All the way through school, Louise wouldn’t look at another guy.  A few years later, Nephi asked if he could walk her home after a dance.  “No!”  she answered.  “I came alone and I can go home alone.”  Nevertheless, when she was nineteen years old, Louise married him.

When he was very young, Nephi started helping haul freight from Lund.  “I never took the teams over ‘til I was fourteen years old,” he recalls.  “There was no railroad in Dixie.  We had to freight everything that went into Dixie…with iron-tired wagons.  It took us seven days to go to Lund and get a load of freight—thirty hundred pounds.”

One time there were three of us takin’ molasses and dried fruit to Dolittle for flour.  (Dolittle was a merchant in Lund).  After it was all unloaded, we’d get up on the train switching around.  We’d ride up and down, up and down the track.  One time we got to goin’ too fast and we couldn’t get off.  We never stopped ‘til we got to Milford.  It was pretty dark then…to late to get a room at the hotel.  So we got some wood from a pile and made a fire out in the sagebrush and stayed all night.14

Nephi and Louise have been referred to as “The Farmers”.  They bought a lot on the north of town—actually, a hill.  Using a wheelbarrow in which to gather the rocks, they cleared the entire hill off, rock by rock, and built a rock chicken coop and home.  Their daughter Christie wrote an essay years later, expressing:

At the age of thirteen, I found what teamwork with the members of the family can accomplish.  Father was the captain. With gloves dripping with cement,  he stood for long hours with a trowel in one hand and a rock in the other hand building a wall.  Mother stood with a hose and washed rocks to get the dirt out of the porous volcanic structure so the mortar could weld them together.  I used a shovel and hose and mixed the cement that was wheeled in a wheelbarrow, by my brother, to the platform where my father worked.  This went on for many days, until the walls were completed.  They were made to look like a large chicken coop, but it was to be our home until we could do better.  Father put the rafters up, my brother and I helped him put the sheeting and shingles on to make the roof.  We had to hurry because we were losing our home and had to move out.  My mother, my sister and I had bottled fruit for two summers before this for two different sawmill owners for the lumber and shingles.  We had to part with a milk cow to buy the cement and nails, and a strip of glass looking paper for windows.  The doors were just boards nailed together.  The day came for us to move.  Even though there were no coverings on the cold cement floors of the two rooms, we didn’t mind so much, because we were too busy trying to keep the snow from coming through the large spaces under the rafters.  Even this seemed a small thing compared to carrying all the water used by a family of seven in buckets for a full block.  Though all this at times seemed unbearable, mother would evaluate our blessings and always the thought would comfort us that though we didn’t have much, we had each other.  Those thoughts welded us together as a family and we grew up very close knit.  A few years later with the same type of teamwork we built a beautiful home and were very happy.  The years have passed. All of us have grown older; even my father and mother have moved away, but on the side of the hill sits the most beautiful home in Hurricane.  Buried deep in those walls of volcanic rock is still a part of me and each member of our family.  Nothing will ever remove it as long as we live.15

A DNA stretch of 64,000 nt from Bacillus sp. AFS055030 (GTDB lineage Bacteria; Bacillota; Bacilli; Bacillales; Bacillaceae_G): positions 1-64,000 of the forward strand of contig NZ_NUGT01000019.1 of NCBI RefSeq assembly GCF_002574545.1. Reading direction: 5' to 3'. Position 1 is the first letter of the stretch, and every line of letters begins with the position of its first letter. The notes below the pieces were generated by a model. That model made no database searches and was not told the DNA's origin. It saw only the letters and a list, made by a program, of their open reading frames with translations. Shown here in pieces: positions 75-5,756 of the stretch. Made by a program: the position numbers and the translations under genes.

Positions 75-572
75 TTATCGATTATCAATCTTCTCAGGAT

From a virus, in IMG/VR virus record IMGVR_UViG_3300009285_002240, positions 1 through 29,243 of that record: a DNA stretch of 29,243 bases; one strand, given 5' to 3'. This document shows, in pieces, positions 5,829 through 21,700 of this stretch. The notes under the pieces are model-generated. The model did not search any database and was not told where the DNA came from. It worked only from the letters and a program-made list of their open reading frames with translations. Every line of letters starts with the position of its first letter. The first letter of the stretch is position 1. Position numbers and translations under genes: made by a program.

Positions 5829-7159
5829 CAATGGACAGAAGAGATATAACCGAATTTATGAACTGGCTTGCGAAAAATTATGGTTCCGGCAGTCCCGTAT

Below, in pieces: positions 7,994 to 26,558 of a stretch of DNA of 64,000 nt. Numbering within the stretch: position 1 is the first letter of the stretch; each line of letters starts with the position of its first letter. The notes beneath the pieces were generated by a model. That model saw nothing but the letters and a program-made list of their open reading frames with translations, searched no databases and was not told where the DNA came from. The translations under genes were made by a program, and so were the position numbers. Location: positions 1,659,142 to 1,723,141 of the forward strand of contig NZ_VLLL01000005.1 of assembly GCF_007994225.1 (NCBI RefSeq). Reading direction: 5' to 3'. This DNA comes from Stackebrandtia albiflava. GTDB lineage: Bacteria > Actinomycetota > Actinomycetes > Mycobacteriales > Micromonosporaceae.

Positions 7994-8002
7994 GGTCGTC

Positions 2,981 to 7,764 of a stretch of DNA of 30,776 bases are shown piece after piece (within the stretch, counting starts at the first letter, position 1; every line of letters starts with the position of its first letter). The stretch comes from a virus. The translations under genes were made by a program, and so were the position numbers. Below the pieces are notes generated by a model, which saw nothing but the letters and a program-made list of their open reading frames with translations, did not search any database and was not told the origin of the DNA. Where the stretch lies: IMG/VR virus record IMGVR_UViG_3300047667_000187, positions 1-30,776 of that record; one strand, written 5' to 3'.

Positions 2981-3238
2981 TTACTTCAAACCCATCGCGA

On their lovely farm which they cleared off so tediously, the Workmans grew fruits, nuts and flowers of all kinds.  They tried everything new that they could find.  Nephi worked for Frank Barber and learned how to bud trees.  Their entire yard was beautifully landscaped.

Nephi also raised beautiful animals.  He was very talented, a jack of all trades.  He was a mason and did lovely masonry work.

Every year Elmer Graff would get some of their grapes and take to the State Fair.  And every year, when he returned, he brought them a blue ribbon!

Louise, an especially good cook, always made everyone feel welcome at their home.  Inside, they were always treated to her cooking.  Outside, they enjoyed the lovely yards and wonderful produce.

Nephi and Louise moved to Salt Lake in 1951.  Although they still live there, their hearts are still in Dixie.  On their occasional visits back home, they love to reminisce with family and friends about the experiences they shared in pioneer Hurricane.  As Louise expressed, “Oh, we went through some hardships, but we didn’t know any better then.  But we were like the rest—we were pioneering.  But since then we’ve learned we got it the hard way.”16

Claudius Hirschi and Anna Workman

Barbara [Kleinman]


Dorothy [Squire]


Ann Workman, daughter of Nephi Johnson Workman and Mary Elizabeth Spendlove, was born on November 1, 1898, in Virgin, Utah.  On May 15, 1918, she married Claud Hirschi in the St. George Temple.

Claud, born on September 13, 1892, in Rockville, Utah, spent his youth on the family farm and on the rangeland where he worked with his father’s livestock.  His father, David Hirschi, had a dry farm on the Big Plain, south of Rockville.  Both father and son enjoyed working with the cattle and especially liked the annual round-up.